People like to view themselves as competent and moral. This makes them very sensitive to information that implies they behave immorally, such as peers who act more ethical than people do themselves. This article looks at the willingness of consumers to reduce their meat consumption after comparing their own consumption behavior to that of others; will meat eaters abandon their intentions to reduce their meat consumption after they realize they eat meat more often than average? This was tested via a multiple regression analysis with a sample of 181 US citizens. The defensive response called do-gooder derogationwas used as a template to test whether the response was caused by psychological threat. However, none of the hypotheses were supported. The results showed that only one’s own frequency of cooking vegetarian positively affected the intention to reduce meat consumption. Furthermore, psychological threat may negatively and directly affect people’s intentions to reduce meat consumption. Contrary to hypothesis 1, how often others cook vegetarian may positively affect people’s intentions to reduce meat consumption.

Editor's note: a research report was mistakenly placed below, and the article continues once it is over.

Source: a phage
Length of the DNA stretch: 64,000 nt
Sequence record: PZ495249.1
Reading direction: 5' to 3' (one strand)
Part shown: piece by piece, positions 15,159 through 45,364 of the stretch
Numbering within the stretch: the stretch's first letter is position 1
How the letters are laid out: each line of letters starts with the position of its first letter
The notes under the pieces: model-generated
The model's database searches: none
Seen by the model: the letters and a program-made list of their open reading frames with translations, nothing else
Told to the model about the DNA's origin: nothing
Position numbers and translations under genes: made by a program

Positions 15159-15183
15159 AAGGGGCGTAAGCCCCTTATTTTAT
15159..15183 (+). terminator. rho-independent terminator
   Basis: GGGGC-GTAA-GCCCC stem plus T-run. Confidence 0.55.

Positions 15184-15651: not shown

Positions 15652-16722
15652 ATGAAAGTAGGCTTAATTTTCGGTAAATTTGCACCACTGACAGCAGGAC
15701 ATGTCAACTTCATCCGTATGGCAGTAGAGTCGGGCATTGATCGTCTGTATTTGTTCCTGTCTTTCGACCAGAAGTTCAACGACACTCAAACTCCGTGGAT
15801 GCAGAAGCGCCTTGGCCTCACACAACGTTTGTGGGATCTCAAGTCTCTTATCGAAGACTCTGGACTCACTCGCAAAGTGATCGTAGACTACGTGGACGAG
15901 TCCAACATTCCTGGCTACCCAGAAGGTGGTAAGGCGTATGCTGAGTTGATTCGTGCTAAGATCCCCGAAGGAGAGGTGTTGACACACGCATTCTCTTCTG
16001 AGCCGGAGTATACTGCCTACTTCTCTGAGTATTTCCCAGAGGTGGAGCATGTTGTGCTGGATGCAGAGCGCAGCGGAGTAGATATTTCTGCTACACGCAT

To be honest, this thesis is more moral/social psychology than innovation management. I managed to sneak it in under the innovation-diffusion paradigm. I did not find support for my hypothesis in the pilot study, and then chased another correlation which we all expected to be spurious. It was. Still, I think the thesis is well-written and I got a 9/10 (‘Excellent’) grade for it.